- Tsai CH, Hsu CJ, Hung CH, Hsu HC. Primary traumatic patellar dislocation. J Orthop Surg Res. 2012;7:21. doi:10.1186/1749-799X-7-21
- Ragab G, Elshahaly M, Bardin T. Gout: An old disease in new perspective - A review. J Adv Res. 2017;8(5):495-511. doi:10.1016/j.jare.2017.04.008
- Lee PYF, Nixion A, Chandratreya A, Murray JM. Synovial Plica Syndrome of the Knee: A Commonly Overlooked Cause of Anterior Knee Pain. Surg J (N Y). 2017;3(1):e9-e16. doi:10.1055/s-0037-1598047
- Vaishya R, Azizi AT, Agarwal AK, Vijay V. Apophysitis of the Tibial Tuberosity (Osgood-Schlatter Disease): A Review. Cureus. 2016;8(9):e780. doi:10.7759/cureus.780
- Zanon G, Di vico G, Marullo M. Osteochondritis dissecans of the knee. Joints. 2014;2(1):29-36.
- Hindle P, Davidson E, Biant LC. Septic arthritis of the knee: the use and effect of antibiotics prior to diagnostic aspiration. Ann R Coll Surg Engl. 2012;94(5):351-5. doi:10.1308/003588412X13171221591015
- Gwinner C, Märdian S, Schwabe P, Schaser KD, Krapohl BD, Jung TM. Current concepts review: Fractures of the patella. GMS Interdiscip Plast Reconstr Surg DGPW. 2016;5:Doc01. doi:10.3205/iprs000080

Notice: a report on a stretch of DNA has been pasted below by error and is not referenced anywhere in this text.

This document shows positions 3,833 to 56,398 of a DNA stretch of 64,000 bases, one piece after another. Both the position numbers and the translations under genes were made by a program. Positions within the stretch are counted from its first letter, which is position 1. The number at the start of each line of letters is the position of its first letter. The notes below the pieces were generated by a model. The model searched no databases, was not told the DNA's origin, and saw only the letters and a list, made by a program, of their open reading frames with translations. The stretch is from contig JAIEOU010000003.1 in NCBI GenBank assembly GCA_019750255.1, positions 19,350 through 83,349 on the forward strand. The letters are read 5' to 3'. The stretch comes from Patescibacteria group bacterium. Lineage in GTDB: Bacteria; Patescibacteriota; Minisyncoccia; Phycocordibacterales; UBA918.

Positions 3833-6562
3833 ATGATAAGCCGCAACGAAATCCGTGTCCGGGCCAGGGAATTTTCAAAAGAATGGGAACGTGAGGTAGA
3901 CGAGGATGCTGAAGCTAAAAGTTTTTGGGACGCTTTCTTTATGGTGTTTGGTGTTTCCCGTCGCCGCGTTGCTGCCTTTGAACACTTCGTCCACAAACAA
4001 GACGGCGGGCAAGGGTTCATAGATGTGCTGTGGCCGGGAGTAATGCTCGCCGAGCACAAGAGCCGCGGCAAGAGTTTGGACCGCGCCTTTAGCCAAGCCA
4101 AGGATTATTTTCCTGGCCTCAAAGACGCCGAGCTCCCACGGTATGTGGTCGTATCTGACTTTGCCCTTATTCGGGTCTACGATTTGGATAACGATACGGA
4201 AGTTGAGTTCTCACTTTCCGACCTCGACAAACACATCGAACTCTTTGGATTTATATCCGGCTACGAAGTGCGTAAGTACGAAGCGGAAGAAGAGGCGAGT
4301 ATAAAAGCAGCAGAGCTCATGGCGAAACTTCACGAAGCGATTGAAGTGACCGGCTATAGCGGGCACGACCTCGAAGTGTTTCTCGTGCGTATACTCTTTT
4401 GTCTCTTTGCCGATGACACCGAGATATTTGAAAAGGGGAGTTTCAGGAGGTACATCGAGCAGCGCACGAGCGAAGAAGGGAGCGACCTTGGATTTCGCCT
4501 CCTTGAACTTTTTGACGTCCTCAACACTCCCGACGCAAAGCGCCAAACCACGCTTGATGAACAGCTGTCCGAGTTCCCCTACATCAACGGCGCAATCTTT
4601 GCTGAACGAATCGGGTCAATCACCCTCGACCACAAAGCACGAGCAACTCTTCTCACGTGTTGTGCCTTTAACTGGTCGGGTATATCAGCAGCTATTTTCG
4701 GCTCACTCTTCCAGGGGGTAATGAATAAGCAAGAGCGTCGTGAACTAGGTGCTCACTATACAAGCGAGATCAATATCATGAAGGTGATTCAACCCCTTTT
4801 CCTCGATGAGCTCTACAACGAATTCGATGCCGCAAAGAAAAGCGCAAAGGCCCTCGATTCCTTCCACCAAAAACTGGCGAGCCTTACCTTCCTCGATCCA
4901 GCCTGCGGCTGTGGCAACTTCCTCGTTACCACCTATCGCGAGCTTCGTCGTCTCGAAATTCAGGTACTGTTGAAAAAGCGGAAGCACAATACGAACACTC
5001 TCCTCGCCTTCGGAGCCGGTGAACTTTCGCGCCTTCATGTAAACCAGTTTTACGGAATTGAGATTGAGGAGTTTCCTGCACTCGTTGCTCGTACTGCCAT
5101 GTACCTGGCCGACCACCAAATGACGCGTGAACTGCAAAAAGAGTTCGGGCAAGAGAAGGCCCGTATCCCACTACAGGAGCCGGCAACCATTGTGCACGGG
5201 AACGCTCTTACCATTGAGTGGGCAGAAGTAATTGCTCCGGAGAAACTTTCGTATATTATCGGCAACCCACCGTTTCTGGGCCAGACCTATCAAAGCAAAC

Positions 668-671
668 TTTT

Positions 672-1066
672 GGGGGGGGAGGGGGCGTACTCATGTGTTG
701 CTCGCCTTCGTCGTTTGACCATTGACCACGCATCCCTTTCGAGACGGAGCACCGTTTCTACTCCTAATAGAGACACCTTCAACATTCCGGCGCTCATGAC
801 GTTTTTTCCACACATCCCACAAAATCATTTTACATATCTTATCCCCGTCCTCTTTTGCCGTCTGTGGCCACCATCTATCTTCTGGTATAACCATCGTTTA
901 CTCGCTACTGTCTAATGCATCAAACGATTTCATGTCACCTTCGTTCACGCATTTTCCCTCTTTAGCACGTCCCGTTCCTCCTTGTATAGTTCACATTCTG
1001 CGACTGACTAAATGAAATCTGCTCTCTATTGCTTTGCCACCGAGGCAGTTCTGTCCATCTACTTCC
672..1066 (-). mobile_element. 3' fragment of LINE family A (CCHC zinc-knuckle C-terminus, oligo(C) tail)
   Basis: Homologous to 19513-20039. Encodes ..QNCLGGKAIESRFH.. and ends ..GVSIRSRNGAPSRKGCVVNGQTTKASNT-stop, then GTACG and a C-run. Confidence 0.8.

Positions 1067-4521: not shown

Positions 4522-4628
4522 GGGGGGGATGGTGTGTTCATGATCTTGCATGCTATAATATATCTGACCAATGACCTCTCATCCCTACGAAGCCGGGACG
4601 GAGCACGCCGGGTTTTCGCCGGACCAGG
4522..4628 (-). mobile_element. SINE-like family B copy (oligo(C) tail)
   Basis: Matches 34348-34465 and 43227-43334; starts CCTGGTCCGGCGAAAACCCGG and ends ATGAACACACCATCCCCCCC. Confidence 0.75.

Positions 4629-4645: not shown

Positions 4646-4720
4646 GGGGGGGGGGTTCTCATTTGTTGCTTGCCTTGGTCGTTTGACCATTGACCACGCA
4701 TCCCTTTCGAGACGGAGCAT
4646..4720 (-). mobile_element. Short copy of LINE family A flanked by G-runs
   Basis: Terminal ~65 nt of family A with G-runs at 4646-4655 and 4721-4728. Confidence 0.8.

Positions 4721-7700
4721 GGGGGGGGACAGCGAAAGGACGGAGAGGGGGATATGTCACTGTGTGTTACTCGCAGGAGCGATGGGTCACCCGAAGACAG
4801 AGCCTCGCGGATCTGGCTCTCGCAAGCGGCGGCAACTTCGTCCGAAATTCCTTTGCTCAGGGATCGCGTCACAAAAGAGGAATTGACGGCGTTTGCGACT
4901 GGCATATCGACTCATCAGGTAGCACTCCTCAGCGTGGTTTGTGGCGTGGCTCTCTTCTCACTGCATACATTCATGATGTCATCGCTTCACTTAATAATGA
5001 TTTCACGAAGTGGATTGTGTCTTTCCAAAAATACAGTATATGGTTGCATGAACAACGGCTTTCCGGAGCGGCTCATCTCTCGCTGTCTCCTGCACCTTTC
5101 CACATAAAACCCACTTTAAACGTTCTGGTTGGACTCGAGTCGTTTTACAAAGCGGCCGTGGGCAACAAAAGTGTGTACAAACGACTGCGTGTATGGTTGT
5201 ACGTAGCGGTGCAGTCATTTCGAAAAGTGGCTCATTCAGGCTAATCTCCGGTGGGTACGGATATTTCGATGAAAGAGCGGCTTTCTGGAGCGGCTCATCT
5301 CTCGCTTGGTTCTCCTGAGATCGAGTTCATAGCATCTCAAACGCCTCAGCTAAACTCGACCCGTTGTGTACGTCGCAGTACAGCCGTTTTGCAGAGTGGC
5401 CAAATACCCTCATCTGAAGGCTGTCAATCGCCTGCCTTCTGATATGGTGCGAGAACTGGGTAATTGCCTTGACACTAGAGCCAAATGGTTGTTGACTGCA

- Voskuil R, Evenski AJ, Montgomery C, Emory CL. Malignant Bone Tumors of the Knee: How to Identify and Treat. J Knee Surg. 2019;32(4):305-314. doi:10.1055/s-0038-1675828
- Gupte C, St mart JP. The acute swollen knee: diagnosis and management. J R Soc Med. 2013;106(7):259-68. doi:10.1177/0141076813482831
- American Academy of Orthopedic Surgeons. Unstable Kneecap.
- Bhatia D, Bejarano T, Novo M. Current interventions in the management of knee osteoarthritis. Journal of Pharmacy & Bioallied Sciences 2013 Jan-Mar;5(1):30-38. doi:%2010.4103/0975-7406.106561
- Bronstein RD, Schaffer JC. Physical Examination of the Knee: Meniscus, Cartilage, and Patellofemoral Conditions. J Am Acad Orthop Surg. 2017 May;25(5):365-374.
- Browne K, Kurtz CA. How to perform a comprehensive examination of the knee. JAAPA. 2009 Jun;22(6):20-25.
- Hergenroeder AC, Harvey BS. (2017). Osteochondritis dissecans (OCD): Clinical manifestations and diagnosis. Bachur RG, ed. UpToDate. Waltham, MA: UpToDate Inc.
Abbey Baker is a writer and teacher at an alternative school in Burlington, Vt., where she specializes in working with students who have learning disabilities. Baker has a Master of Fine Arts in fiction writing and writes short stories. She recently had a short story published in "Eleven Eleven" journal.